The Coram Experimental Forest headquarters are located on the grounds of the Hungry Horse Ranger District, 5 km west of the experimental forest. They include two houses built around 1948 by the Federal Bureau of Reclamation during the construction of the Hungry Horse Dam. The houses function as offices and sleeping quarters for Rocky Mountain Research Station staff and cooperators. Please contact David Wright for questions concerning housing.
Coram Experimental Forest has approximately 54 km of roads. Two roads: FS 497 (the Desert Ridge Road) and FS 38 (the South Fork Road) are open to the public. Except for limited administrative access, all other roads in Coram are closed to motor vehicle use due to grizzly bear habitat restrictions.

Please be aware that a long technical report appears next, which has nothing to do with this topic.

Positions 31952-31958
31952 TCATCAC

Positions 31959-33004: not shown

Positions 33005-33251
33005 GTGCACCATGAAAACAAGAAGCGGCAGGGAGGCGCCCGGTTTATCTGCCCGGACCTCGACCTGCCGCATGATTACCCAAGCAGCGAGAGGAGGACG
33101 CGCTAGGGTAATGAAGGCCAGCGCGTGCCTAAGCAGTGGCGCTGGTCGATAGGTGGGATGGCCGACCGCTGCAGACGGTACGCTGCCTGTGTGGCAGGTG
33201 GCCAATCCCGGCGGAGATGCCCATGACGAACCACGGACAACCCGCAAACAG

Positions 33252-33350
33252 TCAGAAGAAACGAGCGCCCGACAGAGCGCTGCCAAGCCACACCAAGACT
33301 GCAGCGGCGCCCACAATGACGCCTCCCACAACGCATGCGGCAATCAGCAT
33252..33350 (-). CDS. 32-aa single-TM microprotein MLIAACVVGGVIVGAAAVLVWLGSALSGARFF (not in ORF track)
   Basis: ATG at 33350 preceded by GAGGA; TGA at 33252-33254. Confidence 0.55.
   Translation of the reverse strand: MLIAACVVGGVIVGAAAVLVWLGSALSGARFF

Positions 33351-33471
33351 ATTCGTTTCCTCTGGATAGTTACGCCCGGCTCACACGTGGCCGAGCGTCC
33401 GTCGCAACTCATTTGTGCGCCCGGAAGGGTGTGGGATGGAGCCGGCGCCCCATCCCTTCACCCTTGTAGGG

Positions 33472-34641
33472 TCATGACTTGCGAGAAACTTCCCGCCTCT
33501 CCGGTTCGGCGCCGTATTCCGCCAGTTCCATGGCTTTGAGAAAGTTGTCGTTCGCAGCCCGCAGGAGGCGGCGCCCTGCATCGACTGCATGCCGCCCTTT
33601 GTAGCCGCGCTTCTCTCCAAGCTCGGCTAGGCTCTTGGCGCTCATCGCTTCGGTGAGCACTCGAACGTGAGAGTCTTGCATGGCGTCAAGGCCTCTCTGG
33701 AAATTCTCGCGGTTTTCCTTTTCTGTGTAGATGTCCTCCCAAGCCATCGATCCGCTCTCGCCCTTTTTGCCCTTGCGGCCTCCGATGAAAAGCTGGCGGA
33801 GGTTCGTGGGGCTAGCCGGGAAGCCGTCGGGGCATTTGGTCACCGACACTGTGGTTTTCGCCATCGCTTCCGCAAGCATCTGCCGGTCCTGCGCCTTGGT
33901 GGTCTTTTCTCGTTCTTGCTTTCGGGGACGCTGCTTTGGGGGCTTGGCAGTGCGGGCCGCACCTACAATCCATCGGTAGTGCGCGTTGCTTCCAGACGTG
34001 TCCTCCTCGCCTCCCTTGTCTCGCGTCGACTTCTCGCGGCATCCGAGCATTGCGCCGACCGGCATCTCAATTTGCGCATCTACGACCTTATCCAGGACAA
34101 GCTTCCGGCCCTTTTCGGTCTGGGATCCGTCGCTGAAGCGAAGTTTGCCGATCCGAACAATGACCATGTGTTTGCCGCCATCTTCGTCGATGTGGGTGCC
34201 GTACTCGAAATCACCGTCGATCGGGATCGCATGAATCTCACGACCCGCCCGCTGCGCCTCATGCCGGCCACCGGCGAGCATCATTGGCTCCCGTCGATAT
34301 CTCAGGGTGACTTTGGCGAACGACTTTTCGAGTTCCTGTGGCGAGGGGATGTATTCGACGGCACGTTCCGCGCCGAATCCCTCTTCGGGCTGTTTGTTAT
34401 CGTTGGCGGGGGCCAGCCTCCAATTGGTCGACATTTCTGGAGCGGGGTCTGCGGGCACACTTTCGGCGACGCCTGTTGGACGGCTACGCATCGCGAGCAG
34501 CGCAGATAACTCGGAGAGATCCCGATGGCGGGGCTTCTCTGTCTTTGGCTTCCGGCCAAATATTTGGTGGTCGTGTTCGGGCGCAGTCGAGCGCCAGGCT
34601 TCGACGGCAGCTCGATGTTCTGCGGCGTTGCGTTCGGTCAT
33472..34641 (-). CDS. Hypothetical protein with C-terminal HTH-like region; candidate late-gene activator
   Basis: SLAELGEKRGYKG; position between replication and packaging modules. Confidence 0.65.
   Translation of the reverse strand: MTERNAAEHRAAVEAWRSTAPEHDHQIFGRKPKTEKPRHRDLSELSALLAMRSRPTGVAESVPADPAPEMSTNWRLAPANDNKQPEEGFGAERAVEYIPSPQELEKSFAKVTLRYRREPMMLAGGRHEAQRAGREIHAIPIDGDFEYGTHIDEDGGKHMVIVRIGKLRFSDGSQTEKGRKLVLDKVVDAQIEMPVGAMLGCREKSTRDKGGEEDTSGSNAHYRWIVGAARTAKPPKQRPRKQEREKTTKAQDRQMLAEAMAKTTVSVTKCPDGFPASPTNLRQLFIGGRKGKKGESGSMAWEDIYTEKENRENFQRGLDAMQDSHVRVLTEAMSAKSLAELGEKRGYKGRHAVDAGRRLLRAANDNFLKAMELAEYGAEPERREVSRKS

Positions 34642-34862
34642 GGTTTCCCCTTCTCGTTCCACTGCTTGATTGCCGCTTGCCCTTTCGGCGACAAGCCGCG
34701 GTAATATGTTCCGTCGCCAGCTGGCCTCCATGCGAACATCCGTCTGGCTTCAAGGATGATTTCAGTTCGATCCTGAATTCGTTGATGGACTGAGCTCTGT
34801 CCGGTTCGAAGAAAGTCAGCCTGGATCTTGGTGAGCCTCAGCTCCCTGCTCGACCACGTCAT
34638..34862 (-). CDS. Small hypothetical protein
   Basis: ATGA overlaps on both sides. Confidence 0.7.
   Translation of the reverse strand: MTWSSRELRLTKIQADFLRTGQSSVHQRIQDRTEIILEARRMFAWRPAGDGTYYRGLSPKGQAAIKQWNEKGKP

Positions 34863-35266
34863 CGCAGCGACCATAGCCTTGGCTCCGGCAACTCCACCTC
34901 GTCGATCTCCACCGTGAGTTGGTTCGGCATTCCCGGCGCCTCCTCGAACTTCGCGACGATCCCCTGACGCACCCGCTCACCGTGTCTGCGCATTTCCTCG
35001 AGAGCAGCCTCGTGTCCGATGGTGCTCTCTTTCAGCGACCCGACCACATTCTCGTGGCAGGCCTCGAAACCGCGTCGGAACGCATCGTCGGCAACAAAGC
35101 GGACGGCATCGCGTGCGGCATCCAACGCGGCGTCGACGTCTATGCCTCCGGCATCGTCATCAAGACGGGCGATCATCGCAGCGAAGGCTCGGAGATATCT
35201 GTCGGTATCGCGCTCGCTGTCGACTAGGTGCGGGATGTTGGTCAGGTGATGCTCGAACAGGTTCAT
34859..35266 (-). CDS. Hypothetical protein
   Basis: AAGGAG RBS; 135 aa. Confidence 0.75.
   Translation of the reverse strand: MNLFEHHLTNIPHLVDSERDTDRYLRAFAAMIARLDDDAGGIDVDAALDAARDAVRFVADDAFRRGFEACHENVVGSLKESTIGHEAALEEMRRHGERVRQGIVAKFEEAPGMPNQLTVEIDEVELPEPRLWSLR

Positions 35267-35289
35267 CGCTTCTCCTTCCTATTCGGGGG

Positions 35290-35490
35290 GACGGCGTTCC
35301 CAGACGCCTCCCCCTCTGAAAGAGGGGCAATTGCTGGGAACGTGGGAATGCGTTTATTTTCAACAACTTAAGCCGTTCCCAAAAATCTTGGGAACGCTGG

Two meteorological stations are maintained at Coram: Desert Ridge (approximately 1830 m (6000 ft) elevation) and Terrace Hill (approximately 1070 m (3500 ft) elevation). Temperature, relative humidity, wind speed and direction, soil temperature, precipitation, and solar radiation (PAR) data have been collected at these sites since 1986.
The Emery Creek SNOTEL site, a meteorological station maintained by the Natural Resources Conservation Service near Coram Experimental Forest monitors accumulated precipitation, snow depth, snow water equivalent, and temperature.
Streamflow data have been collected at Coram Experimental Forest since 1974. Both Abbot Creek and the Lunch Fork of Abbot Creek currently contain a 1-foot Parshall flume. Recent streamflow data (2004 to present) collected from these flumes are available on the Forest Service Research Data Archive.